Dr. Hsieh, Patrick Ching-Ho 's publons link picture

Dr. Hsieh, Patrick Ching-Ho

Distinguished Research Fellow
Division Chief
  • 02-27899170 (Lab) (Room No: N417)
  • 02-27858594 (Fax)

  • Stem cells and regenerative medicine
  • Nanoscience and nanomedicine
  • Translational Research

Education and Positions:
  • M.D. Kaohsiung Medical College
    Ph.D. University of Washington, Seattle (Bioengineering)

  • Personal CV

  • Highlight Detail

    The HER2 inhibitor lapatinib potentiates doxorubicin-induced cardiotoxicity through iNOS signaling

    Dr. Hsieh, Patrick Ching-Ho
    Theranostics, May 09, 2018

    Rationale: Lapatinib (LAP) is a crucial alternative to trastuzumab upon the onset of drug resistance during treatment of metastatic human epidermal growth factor receptor 2-positive breast cancer. Like trastuzumab, LAP is commonly used alongside anthracyclines as a combination therapy, due to enhanced anti-cancer efficacy. However, this is notably associated with cardiotoxicity so it is imperative to understand the mechanisms driving this cardiotoxicity and develop cardioprotective strategies. To this end, here we utilize human pluripotent stem cell-derived cardiomyocytes (hPSC-CMs), which exhibit several characteristics representative of in vivo cardiomyocytes that make them breakthrough models to study drug toxicity.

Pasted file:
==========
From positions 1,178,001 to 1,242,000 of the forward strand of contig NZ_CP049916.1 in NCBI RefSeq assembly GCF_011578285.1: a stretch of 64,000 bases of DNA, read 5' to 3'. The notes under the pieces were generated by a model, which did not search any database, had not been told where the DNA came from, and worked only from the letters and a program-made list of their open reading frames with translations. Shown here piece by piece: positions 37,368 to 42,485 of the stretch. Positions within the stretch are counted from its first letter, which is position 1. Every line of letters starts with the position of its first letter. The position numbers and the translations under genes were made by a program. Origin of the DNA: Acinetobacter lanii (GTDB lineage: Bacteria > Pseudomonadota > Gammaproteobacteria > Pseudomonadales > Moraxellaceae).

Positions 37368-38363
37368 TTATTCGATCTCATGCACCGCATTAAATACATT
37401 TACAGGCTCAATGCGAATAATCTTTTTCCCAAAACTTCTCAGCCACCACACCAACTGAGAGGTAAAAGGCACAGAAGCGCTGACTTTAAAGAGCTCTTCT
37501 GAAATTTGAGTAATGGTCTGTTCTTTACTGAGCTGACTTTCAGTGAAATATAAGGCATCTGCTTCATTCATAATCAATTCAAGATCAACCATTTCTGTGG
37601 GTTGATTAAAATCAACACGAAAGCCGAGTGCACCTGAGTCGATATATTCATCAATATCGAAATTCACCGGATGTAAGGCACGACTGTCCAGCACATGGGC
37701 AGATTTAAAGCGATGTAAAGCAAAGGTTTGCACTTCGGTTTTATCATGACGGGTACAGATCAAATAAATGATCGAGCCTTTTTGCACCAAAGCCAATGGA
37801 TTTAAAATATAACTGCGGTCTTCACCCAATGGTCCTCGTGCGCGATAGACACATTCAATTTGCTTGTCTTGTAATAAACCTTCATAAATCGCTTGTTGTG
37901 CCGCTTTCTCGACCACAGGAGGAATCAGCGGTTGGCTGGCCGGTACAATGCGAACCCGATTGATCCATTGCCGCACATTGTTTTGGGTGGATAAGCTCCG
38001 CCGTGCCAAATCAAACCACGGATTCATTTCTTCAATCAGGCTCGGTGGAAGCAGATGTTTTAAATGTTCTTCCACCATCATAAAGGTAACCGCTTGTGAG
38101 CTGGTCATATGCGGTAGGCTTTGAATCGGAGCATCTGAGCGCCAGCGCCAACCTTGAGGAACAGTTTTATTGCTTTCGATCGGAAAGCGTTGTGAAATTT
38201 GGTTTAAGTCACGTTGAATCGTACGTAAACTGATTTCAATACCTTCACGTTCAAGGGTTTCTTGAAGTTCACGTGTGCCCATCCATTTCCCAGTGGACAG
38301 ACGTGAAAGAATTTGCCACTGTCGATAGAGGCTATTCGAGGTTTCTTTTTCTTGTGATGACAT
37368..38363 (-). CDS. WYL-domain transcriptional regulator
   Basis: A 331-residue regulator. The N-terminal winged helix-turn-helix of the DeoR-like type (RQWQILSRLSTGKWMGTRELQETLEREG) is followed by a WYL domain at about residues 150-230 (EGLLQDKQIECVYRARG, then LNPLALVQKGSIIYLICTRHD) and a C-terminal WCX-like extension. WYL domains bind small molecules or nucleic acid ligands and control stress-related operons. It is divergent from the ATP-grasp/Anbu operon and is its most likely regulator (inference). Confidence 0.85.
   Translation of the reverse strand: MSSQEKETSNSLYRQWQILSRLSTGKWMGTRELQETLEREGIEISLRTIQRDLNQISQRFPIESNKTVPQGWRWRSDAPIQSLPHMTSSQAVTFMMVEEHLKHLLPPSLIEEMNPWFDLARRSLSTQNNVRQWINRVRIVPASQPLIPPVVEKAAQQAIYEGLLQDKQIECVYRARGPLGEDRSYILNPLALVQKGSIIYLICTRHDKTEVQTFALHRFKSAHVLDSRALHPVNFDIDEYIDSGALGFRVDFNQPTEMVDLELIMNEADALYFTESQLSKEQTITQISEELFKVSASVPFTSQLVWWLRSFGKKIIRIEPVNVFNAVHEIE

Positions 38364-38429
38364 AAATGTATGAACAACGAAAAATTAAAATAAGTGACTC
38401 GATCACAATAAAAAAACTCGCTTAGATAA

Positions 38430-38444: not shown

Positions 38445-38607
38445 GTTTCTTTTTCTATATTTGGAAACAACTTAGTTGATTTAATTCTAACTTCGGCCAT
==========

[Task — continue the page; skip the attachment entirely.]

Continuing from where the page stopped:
Methods: We investigated LAP- and doxorubicin (DOX)-induced toxicity in hPSC-CMs and evaluated the involvement of inducible nitric oxide (NO) synthase (iNOS). The significance of iNOS-mediated cardiotoxicity was furthermore evaluated in animal studies.

    Results: LAP synergistically increased DOX toxicity in hPSC-CMs in a dose- and time-dependent manner. At concentrations that were otherwise non-apoptotic when administered separately, LAP significantly potentiated DOX-induced hPSC-CM apoptosis. This was accompanied by increased iNOS expression and pronounced production of NO. iNOS inhibition significantly reduced hPSC-CM sensitivity to LAP and DOX co-treatment (LAP-plus-DOX), leading to reduced apoptosis. Consistent with our observations in vitro, delivery of an iNOS inhibitor in mice treated with LAP-plus-DOX attenuated myocardial apoptosis and systolic dysfunction. Moreover, inhibition of iNOS did not compromise the anti-cancer potency of LAP-plus-DOX in a murine breast cancer xenograft model.

    Conclusions: Our findings suggest that iNOS inhibition is a promising cardioprotective strategy to accompany HER2-inhibitor/anthracycline combination therapies. Furthermore, these results support the promise of hPSC-CMs as a platform for investigating cardiotoxicity and developing cardioprotectants as a whole.